Jane M. Von Bergen’s “Theater Beat” column rounds up news, notes, and deals from Philadelphia’s theater scene.
In the end, Norio Ariumi couldn’t do it. The Chestnut Hill hairstylist who runs Norio’s of Tokyo Hair Salon just couldn’t make himself razor Grace Gonglewski’s rich chestnut hair to create the sort of buzz cut a woman half her age with piercings might request.
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He turned Gonglewski over to an assistant.
“I would never do this to my hair,” Gonglewski, a longtime Philadelphia actress, said, laughing. “It’s humorless. It’s edgy. It’s dangerous.”
But, ah, in the name of theater, specifically the Philadelphia premiere of Jen Silverman’s dark comedy, The Roommate, Gonglewski made the cut. Staged by 1812 Productions, The Roommate runs through Oct. 20 at Plays & Players. Gonglewski and her real-life best friend, Jennifer Childs, another longtime Philadelphia actress, play female Oscar and Felix types in their 50s, thrown together by circumstances.
“She’s butch. She’s gay. She’s hilarious," said Gonglewski of her character.
In her play, Silverman, who is in her 30s, raises the flag for “badass women in their 50s,” she said. “When I go to the theater, I rarely see any roles for women of that age range that are not supporting roles. When I do see older women onstage, or women in their 50s or 60s onstage, those women are generally just there; the play’s actually about younger people but those women are there to, you know, have a couple of jokes or have a couple of jokes made about them.”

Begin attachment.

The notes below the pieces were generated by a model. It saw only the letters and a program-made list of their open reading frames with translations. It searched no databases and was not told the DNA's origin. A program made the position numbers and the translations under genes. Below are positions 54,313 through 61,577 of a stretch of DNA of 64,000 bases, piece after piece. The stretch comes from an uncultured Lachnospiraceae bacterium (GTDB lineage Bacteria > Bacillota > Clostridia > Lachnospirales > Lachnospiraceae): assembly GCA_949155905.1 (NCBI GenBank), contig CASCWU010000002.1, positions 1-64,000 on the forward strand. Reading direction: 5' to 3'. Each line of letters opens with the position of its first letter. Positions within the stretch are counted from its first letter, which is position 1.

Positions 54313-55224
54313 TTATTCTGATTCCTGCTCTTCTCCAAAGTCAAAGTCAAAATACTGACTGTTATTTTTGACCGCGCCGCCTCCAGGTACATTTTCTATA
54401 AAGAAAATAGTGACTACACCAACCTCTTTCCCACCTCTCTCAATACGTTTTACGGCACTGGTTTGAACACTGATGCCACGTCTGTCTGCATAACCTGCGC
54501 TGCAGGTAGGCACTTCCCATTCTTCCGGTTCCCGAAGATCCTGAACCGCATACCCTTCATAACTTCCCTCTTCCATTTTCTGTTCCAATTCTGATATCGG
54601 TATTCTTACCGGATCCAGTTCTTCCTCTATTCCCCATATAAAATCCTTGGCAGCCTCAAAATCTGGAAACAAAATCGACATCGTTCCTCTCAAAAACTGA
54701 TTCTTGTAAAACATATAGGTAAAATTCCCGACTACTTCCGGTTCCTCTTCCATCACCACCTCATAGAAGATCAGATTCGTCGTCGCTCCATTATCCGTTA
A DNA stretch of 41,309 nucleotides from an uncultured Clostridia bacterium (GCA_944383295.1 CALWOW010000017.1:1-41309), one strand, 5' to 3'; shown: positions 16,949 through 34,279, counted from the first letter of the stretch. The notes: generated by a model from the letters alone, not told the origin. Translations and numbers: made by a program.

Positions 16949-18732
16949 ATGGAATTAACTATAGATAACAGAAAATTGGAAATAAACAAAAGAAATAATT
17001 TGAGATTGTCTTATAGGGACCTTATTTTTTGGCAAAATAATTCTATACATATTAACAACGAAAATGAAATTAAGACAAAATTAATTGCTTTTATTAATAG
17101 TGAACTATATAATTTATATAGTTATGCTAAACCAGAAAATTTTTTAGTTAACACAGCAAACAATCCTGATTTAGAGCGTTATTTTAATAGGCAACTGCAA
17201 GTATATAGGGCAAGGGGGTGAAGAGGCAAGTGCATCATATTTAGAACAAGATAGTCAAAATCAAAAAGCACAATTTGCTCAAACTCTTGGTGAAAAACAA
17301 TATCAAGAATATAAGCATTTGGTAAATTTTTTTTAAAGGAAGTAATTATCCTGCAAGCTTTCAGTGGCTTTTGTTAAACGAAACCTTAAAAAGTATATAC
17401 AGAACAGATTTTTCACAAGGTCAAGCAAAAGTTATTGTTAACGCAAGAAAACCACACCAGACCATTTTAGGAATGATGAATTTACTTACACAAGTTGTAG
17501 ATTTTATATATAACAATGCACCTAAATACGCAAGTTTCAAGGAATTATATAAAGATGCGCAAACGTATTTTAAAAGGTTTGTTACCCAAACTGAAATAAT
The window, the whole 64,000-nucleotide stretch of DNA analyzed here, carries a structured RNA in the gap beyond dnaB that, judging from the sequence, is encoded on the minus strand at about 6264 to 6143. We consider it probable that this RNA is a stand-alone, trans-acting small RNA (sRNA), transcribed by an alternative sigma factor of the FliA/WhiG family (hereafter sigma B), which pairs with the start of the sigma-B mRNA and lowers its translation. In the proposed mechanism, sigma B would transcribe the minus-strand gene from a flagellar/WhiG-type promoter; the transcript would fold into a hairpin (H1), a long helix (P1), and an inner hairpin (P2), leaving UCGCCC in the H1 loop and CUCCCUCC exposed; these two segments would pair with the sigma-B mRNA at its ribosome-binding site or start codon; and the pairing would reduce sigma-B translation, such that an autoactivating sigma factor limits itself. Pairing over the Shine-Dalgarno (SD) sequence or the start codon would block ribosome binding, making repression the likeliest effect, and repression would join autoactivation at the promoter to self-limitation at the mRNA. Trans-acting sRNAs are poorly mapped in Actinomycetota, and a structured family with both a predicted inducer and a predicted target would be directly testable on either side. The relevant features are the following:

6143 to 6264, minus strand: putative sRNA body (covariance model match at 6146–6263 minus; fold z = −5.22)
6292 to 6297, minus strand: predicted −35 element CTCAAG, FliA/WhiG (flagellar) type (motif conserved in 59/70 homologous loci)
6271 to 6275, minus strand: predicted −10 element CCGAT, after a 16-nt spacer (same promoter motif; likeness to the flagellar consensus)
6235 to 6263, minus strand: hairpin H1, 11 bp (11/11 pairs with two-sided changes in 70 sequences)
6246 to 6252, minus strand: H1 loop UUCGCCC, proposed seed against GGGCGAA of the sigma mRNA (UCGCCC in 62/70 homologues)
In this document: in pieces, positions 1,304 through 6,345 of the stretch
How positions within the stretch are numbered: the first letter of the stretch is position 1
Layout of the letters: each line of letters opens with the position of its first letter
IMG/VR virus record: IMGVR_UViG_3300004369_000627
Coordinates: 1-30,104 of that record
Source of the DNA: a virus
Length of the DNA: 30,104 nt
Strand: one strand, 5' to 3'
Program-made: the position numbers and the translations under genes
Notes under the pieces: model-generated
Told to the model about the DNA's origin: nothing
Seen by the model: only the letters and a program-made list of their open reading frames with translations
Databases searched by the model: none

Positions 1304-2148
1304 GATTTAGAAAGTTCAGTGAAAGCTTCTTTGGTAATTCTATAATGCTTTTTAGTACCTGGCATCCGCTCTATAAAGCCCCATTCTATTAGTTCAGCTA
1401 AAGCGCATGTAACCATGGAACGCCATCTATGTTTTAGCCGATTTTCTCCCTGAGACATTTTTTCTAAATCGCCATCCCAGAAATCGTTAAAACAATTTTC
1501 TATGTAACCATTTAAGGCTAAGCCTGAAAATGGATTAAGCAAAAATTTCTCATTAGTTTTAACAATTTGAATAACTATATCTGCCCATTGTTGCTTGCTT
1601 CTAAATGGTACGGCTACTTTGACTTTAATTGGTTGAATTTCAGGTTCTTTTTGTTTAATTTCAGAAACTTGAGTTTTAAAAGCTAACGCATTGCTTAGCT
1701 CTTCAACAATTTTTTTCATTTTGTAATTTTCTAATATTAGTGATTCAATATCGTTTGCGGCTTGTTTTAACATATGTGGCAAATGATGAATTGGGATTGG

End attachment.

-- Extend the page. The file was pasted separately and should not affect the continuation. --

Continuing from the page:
Gonglewski, in her 50s, said she is already experiencing some of that older-woman invisibility. “People look right through you. They don’t take you in.”
Despite Gonglewski’s long list of credits — she has played on just about every stage in town, including 28 roles at the Arden Theatre Co. alone — she sees Silverman’s point about theater. “It’s a brutal life,” said Gonglewski, “and the older you get, the less kind it is.”
But, she said, in this play, she and Childs (their daughters, born a month apart, are also best friends) reflect the audience. “The median age of people going to see theater is this age, and they are women.”
Look for locals Shafiq Hicks and Lexi Greene in the national Broadway touring production of Rent, playing at the Merriam Theater Friday through Sunday in a quick return engagement after spring’s sellout run.
Hicks studies voice at Temple University, but is taking a break to tour with the company. A graduate of the Philadelphia High School for the Creative and Performing Arts (CAPA), he has sung background for Estelle, Andrea Bocelli, and Aretha Franklin. He plays Tom Collins.
Greene, most recently seen in the world premiere of Click at Simpatico Theatre, earned her bachelor’s degree in fine arts from the University of the Arts in 2019. She plays Mrs. Cohen.
The story of Falsettos rings true to Jennie Eisenhower, who directs 11th Hour Theatre Company’s production of the Tony-award winning musical, on stage through Sunday at Christ Church Neighborhood House.
“As a parent in a queer, blended family, I personally love that Falsettos explores the complications of navigating an unconventional family structure — and how it isn’t blood alone that makes a family, but love, friendship, and even shared adversities and trauma,” Eisenhower said.
Main character Marvin appears to have it all – perfect life, perfect wife, loving son. Then Marvin falls in love with another man and leaves his wife, forcing all of them to redefine what it means to be a family.